Daryl Kimball, executive director of the Arms Control Association in Washington, D.C., worries there's no guarantee Trump will pick up Russia's offer to extend New START by five years.
"If the treaty is not extended, if there are no follow-on talks, we could see a period of unconstrained nuclear arms racing the likes of which we haven't seen in decades, not since the 1960s," he said.
Global nuclear arsenal tops 13,400
According to advocates, international disarmament efforts have stalled in recent years, with FAS estimating that more than 13,400 nuclear warheads are still in existence.
"Nuclear weapons are out of sight and out of mind for most people," said Kimball. "But the risk that they pose is still there, and in some ways it is a more complicated and dire risk than in the Cold War years."
WATCH | Daryl Kimball describes the significance of the memories of the hibakusha:
Denuclearization talks between the United States and North Korea have broken down and the Iran nuclear deal, a landmark pact under which the country set limits on its nuclear program in exchange for the lifting of crippling economic sanctions, seems poised to collapse.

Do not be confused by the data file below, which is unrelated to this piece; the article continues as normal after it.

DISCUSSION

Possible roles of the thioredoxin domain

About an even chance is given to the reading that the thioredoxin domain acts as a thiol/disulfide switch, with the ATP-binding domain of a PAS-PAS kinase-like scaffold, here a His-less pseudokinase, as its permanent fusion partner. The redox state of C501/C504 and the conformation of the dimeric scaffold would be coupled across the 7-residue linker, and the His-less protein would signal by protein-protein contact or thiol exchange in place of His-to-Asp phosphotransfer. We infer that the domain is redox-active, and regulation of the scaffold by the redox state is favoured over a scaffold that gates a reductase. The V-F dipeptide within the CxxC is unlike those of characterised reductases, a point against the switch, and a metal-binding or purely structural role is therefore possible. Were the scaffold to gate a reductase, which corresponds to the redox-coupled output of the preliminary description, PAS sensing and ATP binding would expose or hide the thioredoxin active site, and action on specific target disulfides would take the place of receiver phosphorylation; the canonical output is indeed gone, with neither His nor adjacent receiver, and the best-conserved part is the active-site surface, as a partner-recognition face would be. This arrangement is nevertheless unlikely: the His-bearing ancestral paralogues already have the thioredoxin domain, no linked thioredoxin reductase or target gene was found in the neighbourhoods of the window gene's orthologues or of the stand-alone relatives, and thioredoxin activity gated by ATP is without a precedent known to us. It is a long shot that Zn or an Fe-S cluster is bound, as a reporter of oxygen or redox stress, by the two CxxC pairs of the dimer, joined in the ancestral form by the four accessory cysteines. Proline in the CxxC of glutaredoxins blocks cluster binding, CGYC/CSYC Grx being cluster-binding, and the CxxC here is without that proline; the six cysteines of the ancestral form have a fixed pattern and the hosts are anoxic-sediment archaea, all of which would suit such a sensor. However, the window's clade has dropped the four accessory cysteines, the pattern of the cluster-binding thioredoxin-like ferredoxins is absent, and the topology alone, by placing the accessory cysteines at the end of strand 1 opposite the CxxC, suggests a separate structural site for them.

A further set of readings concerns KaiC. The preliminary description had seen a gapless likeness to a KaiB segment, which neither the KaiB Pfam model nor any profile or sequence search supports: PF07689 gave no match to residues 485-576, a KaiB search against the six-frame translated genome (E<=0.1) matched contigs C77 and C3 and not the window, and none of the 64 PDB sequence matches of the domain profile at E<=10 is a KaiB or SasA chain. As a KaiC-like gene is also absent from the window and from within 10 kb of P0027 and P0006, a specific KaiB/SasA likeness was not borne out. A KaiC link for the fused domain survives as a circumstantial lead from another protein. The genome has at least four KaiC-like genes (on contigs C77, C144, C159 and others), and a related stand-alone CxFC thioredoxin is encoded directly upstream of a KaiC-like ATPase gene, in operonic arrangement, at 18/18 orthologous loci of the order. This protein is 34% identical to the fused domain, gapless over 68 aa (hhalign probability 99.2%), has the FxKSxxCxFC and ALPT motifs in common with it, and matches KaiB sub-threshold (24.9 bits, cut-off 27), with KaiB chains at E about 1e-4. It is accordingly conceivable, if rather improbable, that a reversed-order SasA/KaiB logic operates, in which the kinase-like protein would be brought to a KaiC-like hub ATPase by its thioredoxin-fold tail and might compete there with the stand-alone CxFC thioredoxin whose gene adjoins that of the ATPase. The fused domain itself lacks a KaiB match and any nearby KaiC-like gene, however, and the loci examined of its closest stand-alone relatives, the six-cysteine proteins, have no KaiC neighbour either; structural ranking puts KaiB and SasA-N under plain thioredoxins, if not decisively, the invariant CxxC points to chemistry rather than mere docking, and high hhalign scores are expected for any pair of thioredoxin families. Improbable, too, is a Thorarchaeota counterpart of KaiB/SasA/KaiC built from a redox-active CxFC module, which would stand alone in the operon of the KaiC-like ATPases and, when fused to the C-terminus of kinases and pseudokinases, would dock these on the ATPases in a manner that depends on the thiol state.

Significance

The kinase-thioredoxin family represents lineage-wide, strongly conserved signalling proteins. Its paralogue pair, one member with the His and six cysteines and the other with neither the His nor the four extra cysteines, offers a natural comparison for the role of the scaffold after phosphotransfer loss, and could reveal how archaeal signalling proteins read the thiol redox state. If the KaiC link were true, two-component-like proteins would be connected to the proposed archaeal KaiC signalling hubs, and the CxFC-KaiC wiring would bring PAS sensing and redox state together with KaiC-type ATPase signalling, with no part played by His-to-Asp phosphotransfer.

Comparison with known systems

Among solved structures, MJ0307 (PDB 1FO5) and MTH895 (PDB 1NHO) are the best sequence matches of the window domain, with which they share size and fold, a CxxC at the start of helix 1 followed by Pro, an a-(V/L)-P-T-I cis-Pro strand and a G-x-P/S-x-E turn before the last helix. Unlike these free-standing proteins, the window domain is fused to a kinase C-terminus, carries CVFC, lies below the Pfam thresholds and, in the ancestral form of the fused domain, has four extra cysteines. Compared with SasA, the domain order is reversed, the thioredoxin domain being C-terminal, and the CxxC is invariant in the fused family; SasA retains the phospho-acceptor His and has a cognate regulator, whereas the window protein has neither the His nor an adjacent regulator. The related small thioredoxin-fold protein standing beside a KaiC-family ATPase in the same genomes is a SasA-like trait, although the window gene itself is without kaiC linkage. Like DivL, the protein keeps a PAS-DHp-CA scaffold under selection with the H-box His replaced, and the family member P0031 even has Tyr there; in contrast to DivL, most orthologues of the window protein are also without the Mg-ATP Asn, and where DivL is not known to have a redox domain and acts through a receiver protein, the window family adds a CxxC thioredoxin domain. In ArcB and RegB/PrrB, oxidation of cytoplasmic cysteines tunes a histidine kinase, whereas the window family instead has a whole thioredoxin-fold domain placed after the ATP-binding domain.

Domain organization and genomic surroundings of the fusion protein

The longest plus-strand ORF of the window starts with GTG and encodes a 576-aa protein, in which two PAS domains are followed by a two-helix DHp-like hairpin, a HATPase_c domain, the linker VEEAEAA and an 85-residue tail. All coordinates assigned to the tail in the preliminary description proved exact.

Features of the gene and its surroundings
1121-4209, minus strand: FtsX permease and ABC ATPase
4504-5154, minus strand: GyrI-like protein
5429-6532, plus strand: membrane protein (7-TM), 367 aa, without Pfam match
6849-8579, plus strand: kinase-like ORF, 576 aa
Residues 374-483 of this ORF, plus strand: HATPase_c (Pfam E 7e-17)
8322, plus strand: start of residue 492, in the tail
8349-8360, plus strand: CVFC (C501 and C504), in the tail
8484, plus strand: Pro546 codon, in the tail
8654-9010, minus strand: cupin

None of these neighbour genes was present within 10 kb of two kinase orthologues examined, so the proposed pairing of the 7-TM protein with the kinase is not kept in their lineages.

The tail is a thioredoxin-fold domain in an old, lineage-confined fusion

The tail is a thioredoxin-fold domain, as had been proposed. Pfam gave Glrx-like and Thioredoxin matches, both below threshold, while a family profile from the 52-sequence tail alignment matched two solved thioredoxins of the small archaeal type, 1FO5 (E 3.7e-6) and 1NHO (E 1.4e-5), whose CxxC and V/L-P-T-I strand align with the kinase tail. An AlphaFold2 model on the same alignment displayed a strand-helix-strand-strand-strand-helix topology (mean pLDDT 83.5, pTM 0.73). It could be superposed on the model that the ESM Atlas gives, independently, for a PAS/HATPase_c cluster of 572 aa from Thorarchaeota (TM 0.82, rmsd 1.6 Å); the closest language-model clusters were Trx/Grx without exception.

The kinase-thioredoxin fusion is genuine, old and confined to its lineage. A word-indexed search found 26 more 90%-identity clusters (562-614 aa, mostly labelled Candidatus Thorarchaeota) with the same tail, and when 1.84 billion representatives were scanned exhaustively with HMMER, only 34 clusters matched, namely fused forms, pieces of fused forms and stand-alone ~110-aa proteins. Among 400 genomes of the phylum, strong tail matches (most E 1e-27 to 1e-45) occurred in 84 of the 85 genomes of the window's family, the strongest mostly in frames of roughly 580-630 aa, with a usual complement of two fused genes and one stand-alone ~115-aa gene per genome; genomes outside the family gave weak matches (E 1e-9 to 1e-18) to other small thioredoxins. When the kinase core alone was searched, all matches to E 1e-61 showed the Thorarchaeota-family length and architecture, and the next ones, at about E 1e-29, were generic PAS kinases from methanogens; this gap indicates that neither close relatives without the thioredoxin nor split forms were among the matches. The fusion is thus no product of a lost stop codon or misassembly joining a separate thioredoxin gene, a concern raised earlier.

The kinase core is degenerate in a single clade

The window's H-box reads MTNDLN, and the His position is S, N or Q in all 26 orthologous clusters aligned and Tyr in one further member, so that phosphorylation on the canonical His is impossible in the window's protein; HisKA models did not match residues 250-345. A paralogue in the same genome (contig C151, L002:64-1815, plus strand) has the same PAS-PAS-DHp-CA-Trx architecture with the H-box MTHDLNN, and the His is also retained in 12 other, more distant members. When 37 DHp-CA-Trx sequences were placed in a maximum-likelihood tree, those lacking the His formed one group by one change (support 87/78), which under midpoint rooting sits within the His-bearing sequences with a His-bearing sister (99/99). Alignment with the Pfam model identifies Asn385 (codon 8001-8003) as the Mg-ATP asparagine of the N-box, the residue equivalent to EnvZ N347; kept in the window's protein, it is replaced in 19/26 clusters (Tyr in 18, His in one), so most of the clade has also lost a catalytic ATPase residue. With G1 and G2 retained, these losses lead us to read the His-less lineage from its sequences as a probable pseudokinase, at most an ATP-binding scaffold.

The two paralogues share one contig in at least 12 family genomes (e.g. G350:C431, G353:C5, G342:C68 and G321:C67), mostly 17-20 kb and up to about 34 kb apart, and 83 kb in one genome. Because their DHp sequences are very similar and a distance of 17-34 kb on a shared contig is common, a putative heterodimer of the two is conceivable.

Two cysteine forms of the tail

"We are seeing leaders more interested in just walking away from those [agreements] entirely, or some blaming and shaming of their arms control partners," said Korda.
"It's kind of frustrating that the leaders of arms-control states are generally sort of seeing disarmament as a type of chore, rather than actually a global security imperative or a humanitarian imperative."
Sowing seeds of hope
But even in the darkest moments, there is hope.
After the bomb was dropped, people in Hiroshima were told it would be at least 75 years until trees bloomed again.
Rummel said when blossoms appeared the following spring, it showed the city and its people had a future — a message she hopes to have a small hand in passing on.
"I'm just planting seeds, small seeds, to peace. But that seed will grow in the future and then it will spread to create a peaceful world. That's my dream."